As one of the major movie studios in Hong Kong in the late 1940s and early 1950s Yau Kiu produced a modest 16 features and filmed 13 others. In 1952 the Mandarin section of Yau Kiu studio burnt down when a short circuit took place in one of the movie sets. From that point forward production was halted at Yau Kiu but other production companies still used the facilities. Walter Tso Tat-Wah not only was a shareholder in Yau Kiu studio but also owned the Palace Theatre (皇宮戲院) in Pak Ho Street in Sham Shui Po which opened in 1953. Tso had to sell his Palace Theatre as well as a number of other properties to pay off his gambling debts, one of his known vices. The most successful production for Yau Kiu was The Seven Swords and the Thirteen Heroes (1967). Yau Kiu was absorbed by Great Wall Movie Enterprise (now part of Sil-Metropole Organization), the leader of Mandarin films in the 1950s and 1960s. In 2001 the properties underwent re-development and it has since become the home to HKICC Lee Shau Kee School of Creativity and the Stone House Family Gardens. Yau Kiu was overshadowed by Shaw Brothers and Golden Harvest from 1970 onward. Walter Tso Tat-Wah was a veteran from in excess of 700 films and was honored with the Lifetime Achievement Award of the Hong Kong Film Critics Association in 2001 and was given the Professional Achievement Award at the Hong Kong Film Awards in 2003.

Walter Tso Tat-Wah was one of the biggest stars at Wenhua Film Company, famous for his roles of Leung Foon, the head disciple of Wong Fei Hung in the four-part Wong Fei-Hung series (1956-1958) that started with Wong Fei-Hung at a Boxing Match (1956) and Wong Fei-Hung's Fight in He'nan (1957) and concluded with How Wong Fei-Hung and Wife Eradicated the Three Rascals (1958) and How Wong Fei-Hung Stormed Phoenix Hill (1958) as well as for his role of Lung Kim Fei from the Buddha’s Palm (1964) series. The directorial duties were given to Ling Yun, a material arts veteran who had worked with Tso earlier on the Buddha’s Palm (1964) series and with Chan on the The Sword of the Palace (1963) trilogy, the two Young and Furious (1966) films as well as the Jade in the Red Dust (1966) trilogy. The screenplay was written by Sze-To On, a prolific writer in Cantonese and Mandarin cinema with credits in a variety of genres dating as far as back as the mid-fifties. Although he was a specialist in the martial arts and wuxia genres Sze-To On also wrote the screenplay to Erotic Ghost Story II (1991) an adult feature that capitalized on the success of Tsui Hark’s A Chinese Ghost Story (1987) franchise, which was on to its third episode by that point. Assistant direction on Supreme Sword was done by Chan’s long-time paramour Law Kei.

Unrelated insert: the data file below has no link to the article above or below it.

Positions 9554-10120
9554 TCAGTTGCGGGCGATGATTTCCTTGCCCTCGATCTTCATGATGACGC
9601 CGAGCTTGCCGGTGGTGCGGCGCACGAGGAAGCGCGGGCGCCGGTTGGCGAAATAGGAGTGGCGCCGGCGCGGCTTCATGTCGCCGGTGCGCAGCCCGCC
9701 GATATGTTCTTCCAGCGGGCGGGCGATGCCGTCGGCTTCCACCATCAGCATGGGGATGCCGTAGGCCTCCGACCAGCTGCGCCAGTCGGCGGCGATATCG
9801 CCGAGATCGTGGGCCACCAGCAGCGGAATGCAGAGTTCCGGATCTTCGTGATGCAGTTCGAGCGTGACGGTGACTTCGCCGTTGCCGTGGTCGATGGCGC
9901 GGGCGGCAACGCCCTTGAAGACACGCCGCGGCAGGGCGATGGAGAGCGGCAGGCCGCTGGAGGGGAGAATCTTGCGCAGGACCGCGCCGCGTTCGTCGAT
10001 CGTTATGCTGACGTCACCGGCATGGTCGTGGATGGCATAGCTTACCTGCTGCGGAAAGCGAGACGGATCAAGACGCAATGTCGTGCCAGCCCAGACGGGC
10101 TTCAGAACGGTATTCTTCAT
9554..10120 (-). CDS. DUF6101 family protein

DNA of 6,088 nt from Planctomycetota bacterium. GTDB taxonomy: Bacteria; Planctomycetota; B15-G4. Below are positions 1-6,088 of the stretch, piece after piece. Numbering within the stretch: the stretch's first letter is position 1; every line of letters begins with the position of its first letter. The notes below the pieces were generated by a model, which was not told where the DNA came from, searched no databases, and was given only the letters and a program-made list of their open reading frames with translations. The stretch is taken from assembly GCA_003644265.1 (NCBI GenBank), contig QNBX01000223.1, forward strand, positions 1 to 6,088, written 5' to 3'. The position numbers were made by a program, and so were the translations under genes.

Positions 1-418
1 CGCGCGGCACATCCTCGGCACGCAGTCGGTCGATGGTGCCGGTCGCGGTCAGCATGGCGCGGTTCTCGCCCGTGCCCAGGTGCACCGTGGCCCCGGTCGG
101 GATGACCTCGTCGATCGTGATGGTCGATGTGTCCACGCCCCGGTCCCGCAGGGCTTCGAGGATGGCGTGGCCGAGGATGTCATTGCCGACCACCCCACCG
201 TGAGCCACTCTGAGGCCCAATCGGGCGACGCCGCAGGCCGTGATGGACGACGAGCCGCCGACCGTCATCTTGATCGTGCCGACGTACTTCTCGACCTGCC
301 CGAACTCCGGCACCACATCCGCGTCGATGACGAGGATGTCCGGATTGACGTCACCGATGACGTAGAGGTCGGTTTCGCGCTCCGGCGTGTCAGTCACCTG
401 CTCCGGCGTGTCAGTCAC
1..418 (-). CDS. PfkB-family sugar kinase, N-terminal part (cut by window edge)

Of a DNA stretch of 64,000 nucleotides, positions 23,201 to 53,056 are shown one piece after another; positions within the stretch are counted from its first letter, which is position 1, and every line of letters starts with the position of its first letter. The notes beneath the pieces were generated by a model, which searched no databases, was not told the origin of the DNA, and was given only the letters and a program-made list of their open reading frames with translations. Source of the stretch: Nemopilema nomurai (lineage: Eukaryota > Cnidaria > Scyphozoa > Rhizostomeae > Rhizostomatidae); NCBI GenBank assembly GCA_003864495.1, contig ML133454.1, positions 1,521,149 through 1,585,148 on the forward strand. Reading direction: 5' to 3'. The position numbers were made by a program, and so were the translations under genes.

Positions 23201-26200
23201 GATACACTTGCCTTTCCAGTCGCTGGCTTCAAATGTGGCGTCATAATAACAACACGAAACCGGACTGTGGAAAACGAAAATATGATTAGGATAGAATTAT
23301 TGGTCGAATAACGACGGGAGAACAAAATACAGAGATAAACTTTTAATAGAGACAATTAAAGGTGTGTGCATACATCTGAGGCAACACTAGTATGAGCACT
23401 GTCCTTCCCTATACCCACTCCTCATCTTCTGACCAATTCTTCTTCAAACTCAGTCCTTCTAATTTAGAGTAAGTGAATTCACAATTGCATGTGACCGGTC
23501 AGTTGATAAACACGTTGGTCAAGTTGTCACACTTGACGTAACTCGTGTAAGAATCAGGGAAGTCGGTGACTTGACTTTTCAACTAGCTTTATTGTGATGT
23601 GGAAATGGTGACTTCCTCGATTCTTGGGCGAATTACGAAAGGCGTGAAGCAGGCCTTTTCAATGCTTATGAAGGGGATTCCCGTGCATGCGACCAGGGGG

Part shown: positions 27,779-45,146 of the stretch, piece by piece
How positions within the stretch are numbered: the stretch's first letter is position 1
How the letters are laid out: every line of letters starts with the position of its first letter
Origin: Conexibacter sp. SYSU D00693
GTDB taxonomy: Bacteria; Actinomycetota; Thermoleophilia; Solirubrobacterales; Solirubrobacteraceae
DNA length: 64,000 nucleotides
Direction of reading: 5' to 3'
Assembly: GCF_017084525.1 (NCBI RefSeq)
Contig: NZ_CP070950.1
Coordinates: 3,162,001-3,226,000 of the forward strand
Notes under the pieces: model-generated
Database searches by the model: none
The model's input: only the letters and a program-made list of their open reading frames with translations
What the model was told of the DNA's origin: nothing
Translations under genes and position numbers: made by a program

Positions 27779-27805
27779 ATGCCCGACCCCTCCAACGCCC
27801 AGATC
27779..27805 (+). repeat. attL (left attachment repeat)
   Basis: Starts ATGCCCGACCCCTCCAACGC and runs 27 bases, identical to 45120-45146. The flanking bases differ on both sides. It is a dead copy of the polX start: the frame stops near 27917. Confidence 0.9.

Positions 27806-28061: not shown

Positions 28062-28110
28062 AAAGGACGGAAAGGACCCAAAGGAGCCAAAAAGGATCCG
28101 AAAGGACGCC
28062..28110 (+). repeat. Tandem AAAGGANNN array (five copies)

The fight choreography isn’t quite as acrobatic as would become the norm thanks to Shaw Brothers’ “second wave” wuxia from the second half of the sixties onward. The sword-wielding avenger is a classic figure of Asian cinema and Connie Chan Po-Chu’s portrayal of the vengeful Wang Tsui Ying might not surpass Lady Snowblood (1973) in terms of on-screen carnage and bloodshed, although it doesn’t shy away from severing extremities and spatters of blood, both are equal as far as intensity is concerned. Supreme Sword is one of the transitional titles between the earlier, more rustic wuxia and the more acrobatic variety that would come to dominate the seventies. While the two Lady Snowblood (1973) movies with Meiko Kaji are retroactively more remembered (not only because they were far more bloodier, but also because they were remade in 2003-2004 by a certain American director as the two-part Kill Bill feature) Supreme Sword is not any less impressive. Especially considering that it came from a considerably smaller studio. If there’s one title to start exploring the massive repertoire of Connie Chan Po-Chu Supreme Sword is an excellent startingpoint. Although truthfully the two-part Seven Princesses (1967) epic is where any such journey should really begin.

Plot: lone muscleman must lead uprising against despotic Atlantean god-king

In all likelihood The Giant Of Metropolis is one of the greatest peplum-science fiction hybrids from the legendary first wave of the Italian sword-and-sandal genre. As one would guess from the title it merges the two central conceits from Eugène Lourié’s The Colossus of New York (1958) and Fritz Lang’s Metropolis (1927) with lush production design by Eugenio and Mario Bava protégé Giorgio Giovannini and starring roles for Gordon Mitchell, Roldano Lupi as well as Liana Orfei and Cuban belle Bella Cortez. The Giant Of Metropolis begat The Conqueror Of Atlantis (1965) which in turn inspired Luigi Cozzi from everything to StarCrash (1979) and his two Hercules movies with Lou Ferrigno. Everything has a beginning – and while Atlantis in the desert had been done earlier in the form of The Mistress Of Atlantis (1932) and Journey Beneath the Desert (1961) – both based on the 1920 Pierre Benoit novel Atlantida/L’AtlantideThe Giant Of Metropolis was one of the crazier exercises to follow in the footsteps of Pietro Francisci’s The Labors Of Hercules (1957), the first genuine kitschy pulp peplum.